In this article, we'll go over how to identify a user with their name and email inside of Funnelytics. 

Identifying your users allows you to see the paths that a specific user took through your funnel. Can be useful for debugging purposes.

Here's an example of what this looks like under the "People" tab: 

This is an advanced tutorial and most likely will require the help of a developer. 

In this example, I'm going to be using Google Tag Manager (GTM).

GTM consists of triggers and tags. This article will not be covering how to create your form submit trigger (which IS required for this to work).

Please refer to this article from Analytics Mania on how to create the form submission trigger using GTM.

This article will assume that you have already created your form submit trigger.

Creating the Tag

The tag is the bit of code that we want to fire when our trigger is... well... triggered.

In GTM create a new Custom HTML tag.

The Custom HTML that we'll be using comes from a Funnelytics action.
Go to Funnelytics and copy the script from the action settings > tracking > advanced > script.

Make sure that the action has an event name. It's a good idea to also add a property that further defines which form this is.

Copy the script and paste it into the Custom HTML field in GTM.

Now that we have our action script in our custom HTML tag, we're going to add two attributes to the code. Here's what it will look like when we're done: 

<script type="text/javascript">"complete-form", {
    form: "homepage",
    name: //name,
    email: //email,
}, function() {
    // continue with process..

Notice that the value of the name and email properties are not defined yet. 

We're going to replace //name and //email with the dynamic value from the actual form.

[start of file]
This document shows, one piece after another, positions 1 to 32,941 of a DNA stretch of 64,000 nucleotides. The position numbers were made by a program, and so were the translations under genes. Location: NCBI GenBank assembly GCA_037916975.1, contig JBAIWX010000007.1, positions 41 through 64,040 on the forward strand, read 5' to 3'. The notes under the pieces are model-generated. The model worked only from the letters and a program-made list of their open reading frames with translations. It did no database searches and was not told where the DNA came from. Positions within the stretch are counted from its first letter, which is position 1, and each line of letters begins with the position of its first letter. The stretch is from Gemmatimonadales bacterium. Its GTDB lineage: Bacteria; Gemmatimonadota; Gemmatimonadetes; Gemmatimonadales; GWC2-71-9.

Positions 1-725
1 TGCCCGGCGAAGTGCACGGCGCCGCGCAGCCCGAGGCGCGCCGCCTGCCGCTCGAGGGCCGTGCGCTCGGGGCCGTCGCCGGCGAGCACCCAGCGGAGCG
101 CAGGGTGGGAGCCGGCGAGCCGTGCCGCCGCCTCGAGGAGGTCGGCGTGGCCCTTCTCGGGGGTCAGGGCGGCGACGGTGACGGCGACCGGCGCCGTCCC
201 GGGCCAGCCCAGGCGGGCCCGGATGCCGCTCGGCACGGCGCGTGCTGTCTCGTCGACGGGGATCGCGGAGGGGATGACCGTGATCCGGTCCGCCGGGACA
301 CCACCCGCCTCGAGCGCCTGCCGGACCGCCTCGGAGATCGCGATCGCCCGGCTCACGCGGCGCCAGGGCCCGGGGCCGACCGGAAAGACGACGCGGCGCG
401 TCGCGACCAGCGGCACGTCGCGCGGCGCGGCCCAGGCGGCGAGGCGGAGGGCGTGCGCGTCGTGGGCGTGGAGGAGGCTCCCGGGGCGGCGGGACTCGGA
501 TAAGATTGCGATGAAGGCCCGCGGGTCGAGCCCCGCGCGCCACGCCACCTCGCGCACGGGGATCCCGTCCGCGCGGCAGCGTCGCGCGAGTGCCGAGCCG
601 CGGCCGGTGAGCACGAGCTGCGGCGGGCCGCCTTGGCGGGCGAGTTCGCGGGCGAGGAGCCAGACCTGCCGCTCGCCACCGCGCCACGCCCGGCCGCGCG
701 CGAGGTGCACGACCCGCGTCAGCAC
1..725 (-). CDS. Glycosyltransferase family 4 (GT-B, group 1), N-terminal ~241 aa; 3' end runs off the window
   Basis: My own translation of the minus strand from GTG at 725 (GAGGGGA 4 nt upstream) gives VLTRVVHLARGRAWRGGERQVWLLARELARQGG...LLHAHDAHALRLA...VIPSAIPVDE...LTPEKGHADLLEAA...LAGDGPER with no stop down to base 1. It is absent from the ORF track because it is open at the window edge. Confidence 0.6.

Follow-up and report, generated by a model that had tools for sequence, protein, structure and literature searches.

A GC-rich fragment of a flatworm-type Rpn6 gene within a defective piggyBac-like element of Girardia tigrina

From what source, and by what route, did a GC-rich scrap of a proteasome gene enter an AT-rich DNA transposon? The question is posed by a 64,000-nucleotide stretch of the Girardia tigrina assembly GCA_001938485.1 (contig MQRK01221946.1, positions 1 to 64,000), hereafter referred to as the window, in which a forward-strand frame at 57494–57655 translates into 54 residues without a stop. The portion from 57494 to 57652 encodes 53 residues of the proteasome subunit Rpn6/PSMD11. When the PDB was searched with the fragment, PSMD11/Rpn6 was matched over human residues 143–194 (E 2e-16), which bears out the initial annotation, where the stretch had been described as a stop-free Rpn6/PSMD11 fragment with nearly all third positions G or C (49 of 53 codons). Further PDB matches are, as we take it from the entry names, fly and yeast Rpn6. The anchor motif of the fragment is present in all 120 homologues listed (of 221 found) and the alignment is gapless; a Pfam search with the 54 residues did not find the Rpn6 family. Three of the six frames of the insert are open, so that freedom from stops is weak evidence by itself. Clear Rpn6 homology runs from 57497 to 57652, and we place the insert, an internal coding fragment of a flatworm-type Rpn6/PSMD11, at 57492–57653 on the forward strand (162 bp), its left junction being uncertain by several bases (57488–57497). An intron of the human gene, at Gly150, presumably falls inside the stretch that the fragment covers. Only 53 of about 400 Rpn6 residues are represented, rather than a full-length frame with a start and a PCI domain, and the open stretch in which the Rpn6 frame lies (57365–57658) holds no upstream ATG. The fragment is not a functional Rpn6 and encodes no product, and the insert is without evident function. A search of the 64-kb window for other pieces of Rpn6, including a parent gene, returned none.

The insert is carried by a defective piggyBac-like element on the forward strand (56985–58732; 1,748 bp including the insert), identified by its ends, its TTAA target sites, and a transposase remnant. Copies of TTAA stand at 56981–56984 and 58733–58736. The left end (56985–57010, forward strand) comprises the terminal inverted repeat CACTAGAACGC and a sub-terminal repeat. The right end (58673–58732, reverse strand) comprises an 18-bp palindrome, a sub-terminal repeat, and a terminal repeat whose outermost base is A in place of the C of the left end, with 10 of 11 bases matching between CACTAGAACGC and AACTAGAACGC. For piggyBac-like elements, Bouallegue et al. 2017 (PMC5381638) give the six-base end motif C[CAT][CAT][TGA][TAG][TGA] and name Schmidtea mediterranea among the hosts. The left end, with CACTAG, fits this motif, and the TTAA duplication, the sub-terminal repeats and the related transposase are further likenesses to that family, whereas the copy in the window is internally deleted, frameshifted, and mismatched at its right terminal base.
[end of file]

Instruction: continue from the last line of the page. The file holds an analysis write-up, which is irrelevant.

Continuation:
Scraping the Document Object Model (DOM) for dynamic values

First, we need to get the name or Id of the field we want to scrape. 

We can get the name or Id of the field by inspecting the element using chrome's developer tools. Right-click in the field you want to scrape and choose "inspect"

This brings up the elements panel and shows us what the name and Id is for that element. In our case, the element Id that we're going to use is 'email'.

Now let's go to the console tab to test if we can dynamically grab the value from that field. 

Type something directly into that field without submitting anything. We're going to try and get the value dynamically.

In the console type in this command and press enter:


You may need to replace the word in single quotes "email" with your own element ID.

Or, if you're using the elements name, use this instead:


There are a few other methods of scraping the DOM, find those on this page.
Look for the links to "getElement....." and "querySelect..."

Doing this should grab the value of the field dynamically.

Repeat this process replacing the ID with the name field ID to grab the name dynamically from the form as well.

Now that we've verified that it works, let's add that command into our tag.

<script type="text/javascript">"complete-form", {
    form: "homepage",
    name: document.getElementById('name').value,
    email: document.getElementById('email').value,
}, function() {
    // continue with process..

Make sure to include the commas at the end.

Make sure that your tag has the form submit trigger attached to it, publish your GTM container, and/or enable preview mode.

Verify that the data was passed correctly

To verify if the data was sent successfully and correctly to Funnelytics, open the network tab before submitting the form.

You can clear everything there in preparation for us to submit the form. Add some values to the form fields.

Now, Submit your form and look for a new network request called "trigger".

Click on the trigger request that has a status of 200. Under the "headers" tab scroll down and you should see which attributes were sent to Funnelytics. 

The attributes should include the dynamic values of the form fields if we set it up correctly. 

Now the name will appear under the people tab inside of Funnelytics.

Here's what the final action looks like in Funnelytics: 

Notice that we're not adding more properties to the Funnelytics action. Just the one that identifies more which complete-form event this is.

Adding more properties into the action itself will act as a filter. Basically, you're saying, "Show me all the events with event name 'complete-form' AND that contain properties 'form: homepage'."

If you have any questions remember to reach out to our support team anytime by clicking the support icon in the bottom-right corner of your dashboard, we are always ready to assist you!

Did this answer your question?